Outsourcing Cybersecurity and Contracts

Posted by

For many companies in the hospitality space running smaller operations, having a full-time IT person on staff may not be an option. Other companies may have an IT manager on staff, but outsource the cybersecurity responsibilities to a company that specifically focuses on the increasing dangers pertaining to cyber threats. There can be multiple reasons why a company would decide to outsource cybersecurity; therefore, companies must know how to traverse finding the company that is the right fit for their organization.

First, hospitality businesses need to look at what functions they want to outsource. Typically, mechanical processes such as security monitoring are the easiest to outsource. Each company needs to assess its capabilities and determine which process are the best to outsource. According to EY’s 19th Global Information Security Survey 2016-17, which interviewed 1,735 global executives and information security managers, 41 percent of respondents outsourced security monitoring. Companies in the survey also outsourced company-specific security activities (56 percent), vulnerability assessments (52 percent), development of their information security management systems (33 percent), IT security help desk (21 percent), and self-phishing exercises (21 percent) (Meek, 2017).

Rather than fully outsourcing a function, companies can also look at co-sourcing. This type of arrangement is often used in clubs, restaurants and spas where it often is not feasible to have a full-time IT person on staff. In co-sourcing, “contractors work at least part-time on-site so they can collaborate seamlessly with in-house staff” (Meek, 2017). In this type of arrangement, the contracted cybersecurity professional can gain pertinent information from staff members while on onsite to help develop the best programs for the organization. This arrangement also tends to build synergy and trust between the two groups.

Once the organization has determined the functions to outsource and the type of outsourcing, then it is time to select the correct contractor. Since the contracting company will be dealing with securing the organizations systems, they must be fully reviewed before being hired. Club managers should talk to other clubs and receive recommendations. The same goes for spas, restaurants and hotels. One of the best ways to investigate possible vendors is through fellow members in trade associations, such as HFTP. HFTP creates multiple networking opportunities for members both online and offline enabling them to share experiences on various vendors. Make sure to interview the customers of these companies and do not be afraid to ask the difficult questions. Other methods used to evaluate vendors include: certifications, self-assessments, audits, site visits, questionnaires and testing (Meek, 2017).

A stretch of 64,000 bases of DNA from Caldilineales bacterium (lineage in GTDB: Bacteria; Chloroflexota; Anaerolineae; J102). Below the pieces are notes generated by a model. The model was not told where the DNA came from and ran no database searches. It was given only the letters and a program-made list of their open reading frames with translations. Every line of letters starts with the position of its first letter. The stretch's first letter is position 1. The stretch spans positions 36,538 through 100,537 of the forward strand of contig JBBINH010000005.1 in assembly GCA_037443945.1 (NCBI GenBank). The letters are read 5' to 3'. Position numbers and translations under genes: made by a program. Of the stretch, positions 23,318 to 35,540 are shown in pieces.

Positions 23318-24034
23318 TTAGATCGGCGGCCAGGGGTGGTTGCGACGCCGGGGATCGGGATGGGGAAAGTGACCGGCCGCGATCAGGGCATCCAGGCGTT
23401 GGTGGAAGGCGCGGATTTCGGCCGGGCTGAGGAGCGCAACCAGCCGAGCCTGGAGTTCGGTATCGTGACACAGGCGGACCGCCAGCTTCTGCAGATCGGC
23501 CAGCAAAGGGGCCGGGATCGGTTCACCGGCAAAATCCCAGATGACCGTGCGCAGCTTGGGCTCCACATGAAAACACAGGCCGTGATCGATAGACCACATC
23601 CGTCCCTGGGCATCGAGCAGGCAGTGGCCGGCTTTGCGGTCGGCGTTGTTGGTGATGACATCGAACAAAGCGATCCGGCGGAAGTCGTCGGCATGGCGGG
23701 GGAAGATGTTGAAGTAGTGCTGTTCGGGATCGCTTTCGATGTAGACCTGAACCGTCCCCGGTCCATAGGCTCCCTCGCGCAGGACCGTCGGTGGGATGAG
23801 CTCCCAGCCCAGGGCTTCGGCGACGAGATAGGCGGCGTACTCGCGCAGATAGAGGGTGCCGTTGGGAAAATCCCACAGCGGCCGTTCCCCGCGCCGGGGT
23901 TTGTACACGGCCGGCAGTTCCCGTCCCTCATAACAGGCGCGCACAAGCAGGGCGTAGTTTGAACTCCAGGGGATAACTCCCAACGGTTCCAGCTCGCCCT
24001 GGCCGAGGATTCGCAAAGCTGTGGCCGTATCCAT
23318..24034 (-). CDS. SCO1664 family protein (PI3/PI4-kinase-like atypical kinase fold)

Once the vendor review process is complete, it is time to negotiate contract terms. The following are a few items which should be considered when designing the contract. First of all, organizations will be tempted to ask for guarantees that their systems will not be compromised. Unfortunately, there is no way for the contracting cybersecurity company to make this guarantee. Instead, focus on the procedures if there is a breach, which leads us to the next point. Clients should ask their contractor to alert them within a specific time frame after discovering a serious incident, but need to avoid asking contractors to resolve an incident within a certain number of hours (Meek, 2017). Another important item, when working with a new cybersecurity contractor, is to set a short time frame for the contract, somewhere between six and 18 months. This will allow the company to determine if the contractor is the right fit before getting locked into a long-term contract (Meek, 2017).

As mentioned earlier, HFTP members are provided many resources to assist in finding contractors, consultants and vendors as part of their membership benefits.

Source:

Tanya Venegas, MBA, MHM, CHIA is director of customer success at HotStats based in Houston, Texas USA. Tanya served as executive director at the HFTP Americas Research Center at the Conrad N. Hilton College of Hotel and Restaurant Management at the University of Houston for more than 15 years. 

0

Leave a Reply

Your email address will not be published. Required fields are marked *